Re: virus: MAIDS (dancing)

Brett Lane Robertson (
Wed, 24 Sep 1997 20:24:59 -0500

Well, that's all fine and good, but I'm not sure all the elements of the
dance are all "deconstructing someone else's argument and taking the
spoils" -- elements of the dance are dodges, emotional button-pushing, and
empty rhetoric. Amusing in its own way, but not substantive in the way
you're talking about above.


I have a tendency to agree with you. But, Hegel says that this (dance) is
self-consciousness creating desire, finding that desire external and coming
to terms with it by destroying Self--only to find self externally
represented in another. To me, this is like destroying god (truth) and
making him stand in front of you to prove himself (so how would you know him
if you saw him?). I think what Hegel illustrates is a selling-out of our
divine nature for external acceptence. I am attaching excerpts from a
commentary of Hegel's "Phenomenology of Spirit" for your opinion.



My selfhood, my act of relating myself to myself, is the law of identity
brought to life. For Hegel, this act of self-relating is negative or
self-contradictory. The reason is that, in being aware of myself, I hold
myself before myself: I am both subject and object. To pursue the spatial
metaphor, I generate an inner "distance" between myself and myself. In
logical terms, I generate the condition of self-otherness. Were it not for
this self-otherness, I could not be self-aware. But clearly I cannot stop at
this moment of distance or self-otherness, for then I would not be aware
that what I hold before me is myself. In order to be aware of myself as
identical with myself, I must generate a distance and overcome that distance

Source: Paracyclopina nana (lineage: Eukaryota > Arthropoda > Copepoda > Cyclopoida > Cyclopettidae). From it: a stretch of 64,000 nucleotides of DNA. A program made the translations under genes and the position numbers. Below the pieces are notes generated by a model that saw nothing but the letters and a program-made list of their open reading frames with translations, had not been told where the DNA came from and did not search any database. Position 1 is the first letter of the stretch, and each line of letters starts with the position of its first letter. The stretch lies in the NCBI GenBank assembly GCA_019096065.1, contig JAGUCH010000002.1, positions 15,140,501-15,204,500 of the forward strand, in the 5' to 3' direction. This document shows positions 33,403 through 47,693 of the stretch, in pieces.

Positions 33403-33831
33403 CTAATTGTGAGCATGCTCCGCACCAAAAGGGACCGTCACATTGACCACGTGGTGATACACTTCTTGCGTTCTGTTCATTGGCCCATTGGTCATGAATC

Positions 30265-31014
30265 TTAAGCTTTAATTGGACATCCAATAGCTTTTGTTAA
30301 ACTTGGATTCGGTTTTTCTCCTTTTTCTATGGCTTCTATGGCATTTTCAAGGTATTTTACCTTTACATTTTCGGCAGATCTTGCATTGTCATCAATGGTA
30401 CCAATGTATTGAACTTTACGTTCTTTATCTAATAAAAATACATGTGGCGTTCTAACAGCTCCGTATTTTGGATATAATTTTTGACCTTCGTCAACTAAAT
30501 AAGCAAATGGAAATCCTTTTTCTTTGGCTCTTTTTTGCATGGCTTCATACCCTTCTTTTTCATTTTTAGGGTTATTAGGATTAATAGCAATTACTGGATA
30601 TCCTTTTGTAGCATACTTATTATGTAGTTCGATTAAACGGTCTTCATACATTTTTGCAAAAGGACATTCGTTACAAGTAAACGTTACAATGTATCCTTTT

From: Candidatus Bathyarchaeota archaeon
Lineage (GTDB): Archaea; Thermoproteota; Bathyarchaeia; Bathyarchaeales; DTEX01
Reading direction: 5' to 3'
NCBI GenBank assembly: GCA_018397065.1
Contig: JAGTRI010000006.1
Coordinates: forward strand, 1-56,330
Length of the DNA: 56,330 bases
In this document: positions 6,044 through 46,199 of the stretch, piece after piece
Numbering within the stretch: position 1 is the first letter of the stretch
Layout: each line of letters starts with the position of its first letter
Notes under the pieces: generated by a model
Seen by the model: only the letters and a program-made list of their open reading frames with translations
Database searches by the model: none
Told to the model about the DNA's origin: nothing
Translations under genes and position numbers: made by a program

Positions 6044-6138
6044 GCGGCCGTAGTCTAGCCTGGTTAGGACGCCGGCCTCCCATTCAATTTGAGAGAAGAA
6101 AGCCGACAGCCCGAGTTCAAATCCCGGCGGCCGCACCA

in one and the same act. Self-consciousness is this single act; it is the
experience of being at once self-same and self-other...Like every other
character in the Phenomenology, self-consciousness starts out in the
condition of mere certainty, as an unsubstantiated claim to absolute
knowing. Here the self is certain, not of external objects but of itself.
The most immediate or natural form of this self-certainty is egotism or
amour-propre. Hegel's technical term for this egotism is "simple
being-for-self"(113). At this primitive level of selfhood, the individual is
all wrapped up in his own utterly private perspective on the world. He is,
in the colloquial sense of the word, subjective...Desire in its ordinary
sense is positive and other-directed. By this I mean that it is the desire
for something, and that it is the desire for something other than myself.
The ordinary view is echoed and elaborated in various ways by Plato,
Aristotle, Aquinas and Dante. Hegel inverts the two characteristics of
desire in its ordinary use. Desire for him is negative and self-directed. It
is negative because it is the impulse to destroy rather than to acquire; it
is more like hatred than love. And it is self-directed because the whole
point of all this negativity is the self's affirmation of itself. A
necessary consequence of this inversion of desire is a radical shift in the
meaning of a final cause. Man, for Hegel, is not evoked, called forth, by
some being outside him, neither by the Platonic forms nor an unmoved mover
nor the grace-bearing Beatrice. He is driven from within, impelled by his
very self-certainty to seek the truth of that certainty through antagonism
towards the external world. What man strives for, desires in the broad sense
of the term, is not an object other than himself, nor a divine condition to
which he aspires without ever attaining, but his own full
self-expression...The individual in his condition of amour-propre finds